I have two degrees, one in civil engineering and one in interior design. I studied civil engineering first, at Westchester Community College, then went on to study interior design at the Fashion Institute of Technology. I was interested in architecture school, but I’d heard that it took five years, and I didn’t want to spend five more years in school because I was paying for it myself, working full time while I studied. It was difficult; I also thought there was probably more work in interiors.
Mark Pavlick: Career Highlights
1979: Enrolls at Westchester Community College and begins working part time as a draftsman in the real estate and construction department at IBM
1982: Graduates from Westchester and begins working full time as a draftsman at Melville Corporation
1983: Enrolls at the Fashion Institute of Technology (FIT)
1984: Begins working at Planned Expansion Group as a project manager
1985: Graduates from FIT
1986–1991: Accepts positions as a project manager at Begg & Daigle, Liz Claiborne, then Brooks Fashion Stores
1992: Visits his first construction site and decides to work in construction
1993: Accepts a position at Supercuts as a construction manager
1996: Accepts a position at Armani Exchange as a project manager
2008: Gets promoted to senior director of construction at Armani Exchange
2010: Installs the first LED lights in an Armani Exchange store
I’ve always worked in real estate and construction. While I was pursuing my civil engineering degree, I worked part time in the real estate and construction division at IBM. Then, when I studied interior design, I worked full time for a company called Melville Corporation, which was the parent company for Chess King, KB Toys, Thom McCann, and a number of other retail stores that are gone now. I was on the boards, which means I was drafting store interiors. That was my entry into retail construction.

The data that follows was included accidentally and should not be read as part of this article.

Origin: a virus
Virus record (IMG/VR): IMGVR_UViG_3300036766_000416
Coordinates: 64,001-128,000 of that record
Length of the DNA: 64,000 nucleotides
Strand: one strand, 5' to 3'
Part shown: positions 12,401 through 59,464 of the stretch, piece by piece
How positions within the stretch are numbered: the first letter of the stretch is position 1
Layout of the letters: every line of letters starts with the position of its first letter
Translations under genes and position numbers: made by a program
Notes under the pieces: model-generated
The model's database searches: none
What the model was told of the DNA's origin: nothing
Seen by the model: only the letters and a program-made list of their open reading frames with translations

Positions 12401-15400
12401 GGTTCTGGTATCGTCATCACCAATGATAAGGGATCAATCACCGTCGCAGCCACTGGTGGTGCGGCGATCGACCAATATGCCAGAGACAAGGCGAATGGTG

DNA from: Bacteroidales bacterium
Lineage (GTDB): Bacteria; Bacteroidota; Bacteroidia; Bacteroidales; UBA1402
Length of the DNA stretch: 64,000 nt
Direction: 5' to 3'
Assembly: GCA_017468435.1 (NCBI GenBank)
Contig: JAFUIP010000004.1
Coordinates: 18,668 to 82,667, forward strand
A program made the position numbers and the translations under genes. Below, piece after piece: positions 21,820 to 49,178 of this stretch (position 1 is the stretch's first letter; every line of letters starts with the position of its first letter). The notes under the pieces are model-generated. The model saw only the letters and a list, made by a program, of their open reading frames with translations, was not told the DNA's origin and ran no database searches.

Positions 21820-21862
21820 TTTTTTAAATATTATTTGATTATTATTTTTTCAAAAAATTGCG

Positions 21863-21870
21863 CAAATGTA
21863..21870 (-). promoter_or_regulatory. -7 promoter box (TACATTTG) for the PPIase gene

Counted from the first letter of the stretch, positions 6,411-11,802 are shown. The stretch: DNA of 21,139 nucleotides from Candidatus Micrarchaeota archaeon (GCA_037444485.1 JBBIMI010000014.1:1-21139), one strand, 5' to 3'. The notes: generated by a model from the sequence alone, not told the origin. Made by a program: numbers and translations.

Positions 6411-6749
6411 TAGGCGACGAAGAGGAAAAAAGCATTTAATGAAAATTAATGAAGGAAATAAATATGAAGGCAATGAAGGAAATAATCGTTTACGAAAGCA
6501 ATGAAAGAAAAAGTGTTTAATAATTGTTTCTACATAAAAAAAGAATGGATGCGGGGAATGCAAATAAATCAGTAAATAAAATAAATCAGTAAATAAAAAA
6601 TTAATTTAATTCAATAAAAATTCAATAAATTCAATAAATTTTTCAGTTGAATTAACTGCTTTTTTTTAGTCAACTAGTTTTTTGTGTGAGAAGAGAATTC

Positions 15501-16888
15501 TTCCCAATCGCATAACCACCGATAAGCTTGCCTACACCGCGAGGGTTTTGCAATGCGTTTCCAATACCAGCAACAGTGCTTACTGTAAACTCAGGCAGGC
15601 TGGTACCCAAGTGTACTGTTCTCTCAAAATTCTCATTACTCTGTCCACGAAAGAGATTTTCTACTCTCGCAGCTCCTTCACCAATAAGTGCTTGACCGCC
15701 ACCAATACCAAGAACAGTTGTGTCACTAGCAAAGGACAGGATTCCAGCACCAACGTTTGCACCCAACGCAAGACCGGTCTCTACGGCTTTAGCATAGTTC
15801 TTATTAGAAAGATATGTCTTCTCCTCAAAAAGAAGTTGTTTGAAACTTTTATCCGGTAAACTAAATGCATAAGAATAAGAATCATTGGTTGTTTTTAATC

I didn’t deliberately choose the business. Back in the 1980s, it was difficult to get a job. Coming out of college, I took what was available, and retailers were hiring draftsmen for store interiors. I worked for a few companies: Liz Claiborne, Brooks Fashion Stores, Supercuts.
A light bulb went off, and I knew I wanted to do construction. As a draftsman, I was drawing on a piece of paper, but I didn’t know how my drawings affected the contractor out in the field. Then, when I was with Brooks Fashion Stores, when I was in charge of all the draftsmen, my boss took me out to one of the stores so I could see what it looked like. That was the first time anyone had done that for me. When I went to the store and saw what it looked like when it was being built and when it was finished, I thought, “This is perfect.” I had drawing talent, but I could relate it to the guys in the field. That’s unusual; there’s usually a disconnect in construction departments between architects, who are always drawing, and contractors, who are always in the field. I’m the link between the two for smooth communication and coordination.
A headhunter alerted me to the position at Armani Exchange. I was surprised. It’s quite a high-end company. The other retailers I’d worked for weren’t, with the exception of Liz Claiborne, but I met the people, they liked me, I liked them. I’ve been here for 16 years now, and it’s been great. Every store I’ve been assigned in the past 16 years has opened on time and on budget.
I do a combination of desk work and site work. Leasing hands me the construction portion of the lease to review and comment on. Once the lease is signed, I take the architect and designer to the property to do a site survey. They develop some sketches, and I take [the project] through construction documents and permitting to bidding the documents with general contractors and vendors to building the store. I also make the first purchase at every store I open. If the cash register is working and everything’s a go, it’s another successful opening.
Working here presents many opportunities. I’m allowed to turn the department the way I want to run it. Lately I’ve been looking at being more green. The company didn’t make an explicit decision to move toward sustainable construction; I gave them the light they liked, and it was energy-efficient. So now we’re transitioning to LED lights in all of our stores. It saves on energy and relamping costs. ABQ